begin execution if the external interrupt is enabled and
the stack is not full. The external interrupt active edge
transition type, whether high to low, low to high or both
is specified in the CTRL1 register.
0 0 0 H
R e s e t
0 0 4 H
E x te rn a l
In te rru p t
0 0 8 H
T im e r 0
In te rru p t
0 0 C H
T im e r 1
In te rru p t
0 1 0 H
0 1 4 H
T im e B a s e
In te rru p t
0 1 8 H
M u lti- fu n c tio n
In te rru p t
F F F H
1 5 b its
Program Memory Structure
Rev. 1.20
12
February 25, 2011
HT45R22E
at the Program Memory address ²0F06H² or 6 locations
after the start of the last page. Note that the value for the
table pointer is referenced to the first address of the
present page if the ²TABRDC [m]² instruction is being
used. The high byte of the table data which in this case
is equal to zero will be transferred to the TBLH register
automatically when the ²TABRDL [m]² instruction is executed.
The following diagram illustrates the addressing/data
flow of the look-up table:
P ro g ra m C o u n te r
H ig h B y te
P ro g ra m
M e m o ry
T B L P
T B L H
S p e c ifie d b y [m ]
T a b le C o n te n ts H ig h B y te
T a b le C o n te n ts L o w
Because the TBLH register is a read-only register and
cannot be restored, care should be taken to ensure its
protection if both the main routine and Interrupt Service
Routine use the table read instructions. If using the table
read instructions, the Interrupt Service Routines may
change the value of TBLH and subsequently cause errors if used again by the main routine. As a rule it is recommended that simultaneous use of the table read
instructions should be avoided. However, in situations
where simultaneous use cannot be avoided, the interrupts should be disabled prior to the execution of any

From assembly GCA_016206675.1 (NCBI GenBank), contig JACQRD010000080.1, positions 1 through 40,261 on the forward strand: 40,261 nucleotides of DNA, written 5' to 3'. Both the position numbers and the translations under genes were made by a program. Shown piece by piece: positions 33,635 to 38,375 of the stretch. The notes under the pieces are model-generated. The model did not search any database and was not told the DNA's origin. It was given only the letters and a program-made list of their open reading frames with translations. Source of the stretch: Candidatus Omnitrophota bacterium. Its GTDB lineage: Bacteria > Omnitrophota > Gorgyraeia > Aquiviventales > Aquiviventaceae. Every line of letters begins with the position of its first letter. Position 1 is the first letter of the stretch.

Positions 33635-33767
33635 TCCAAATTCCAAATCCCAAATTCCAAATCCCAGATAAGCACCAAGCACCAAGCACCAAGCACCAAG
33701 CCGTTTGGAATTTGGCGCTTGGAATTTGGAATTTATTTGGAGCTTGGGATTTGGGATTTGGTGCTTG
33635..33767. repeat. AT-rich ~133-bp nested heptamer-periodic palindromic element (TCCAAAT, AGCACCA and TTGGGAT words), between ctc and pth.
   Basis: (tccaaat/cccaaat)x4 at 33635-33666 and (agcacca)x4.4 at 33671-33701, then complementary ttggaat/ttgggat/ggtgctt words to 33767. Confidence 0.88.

main routine table-read instructions. Note that all table
related instructions require two instruction cycles to
complete their operation.
B y te
Table Read
Table Program Example
The accompanying example shows how the table
pointer and table data is defined and retrieved from the
device. This example uses raw table data located in the
last page which is stored there using the ORG statement. The value at this ORG statement is ²0F00H²
which refers to the start address of the last page within
the 4K Program Memory of the device. The table pointer
is setup here to have an initial value of ²06H². This will
ensure that the first data read from the data table will be
Instruction
Table Location Bits
b11
b10
b9
b8
b7
b6
b5
b4
b3
b2
b1
b0
TABRDC [m]
PC11
PC10
PC9
PC8
@7
@6
@5
@4
@3
@2
@1
@0
TABRDL [m]
1
1
1
1
@7
@6
@5
@4
@3
@2
@1
@0
Table Location
Note:
PC11~PC8: Current Program Counter bits
@[email protected]: Table Pointer TBLP bits
Rev. 1.20
13
February 25, 2011
HT45R22E
· Table Read Program Example
tempreg1 db
?
; temporary register #1
tempreg2 db
?
; temporary register #2
:
:
mov a,06h
; initialise table pointer - note that this address
; is referenced
mov tblp,a
:
:
; to the last page or present page
tabrdl
;
;
;
;
tempreg1
dec tblp
tabrdl
transfers value in table referenced by table pointer
to tempregl
data at prog. memory address ²0F06H² transferred to
tempreg1 and TBLH
; reduce value of table pointer by one
tempreg2
;
;
;
;
;
;
;
;
transfers value in table referenced by table pointer
to tempreg2
data at prog.memory address ²0F05H² transferred to
tempreg2 and TBLH
in this example the data ²1AH² is transferred to
tempreg1 and data ²0FH² to register tempreg2
the value ²00H² will be transferred to the high byte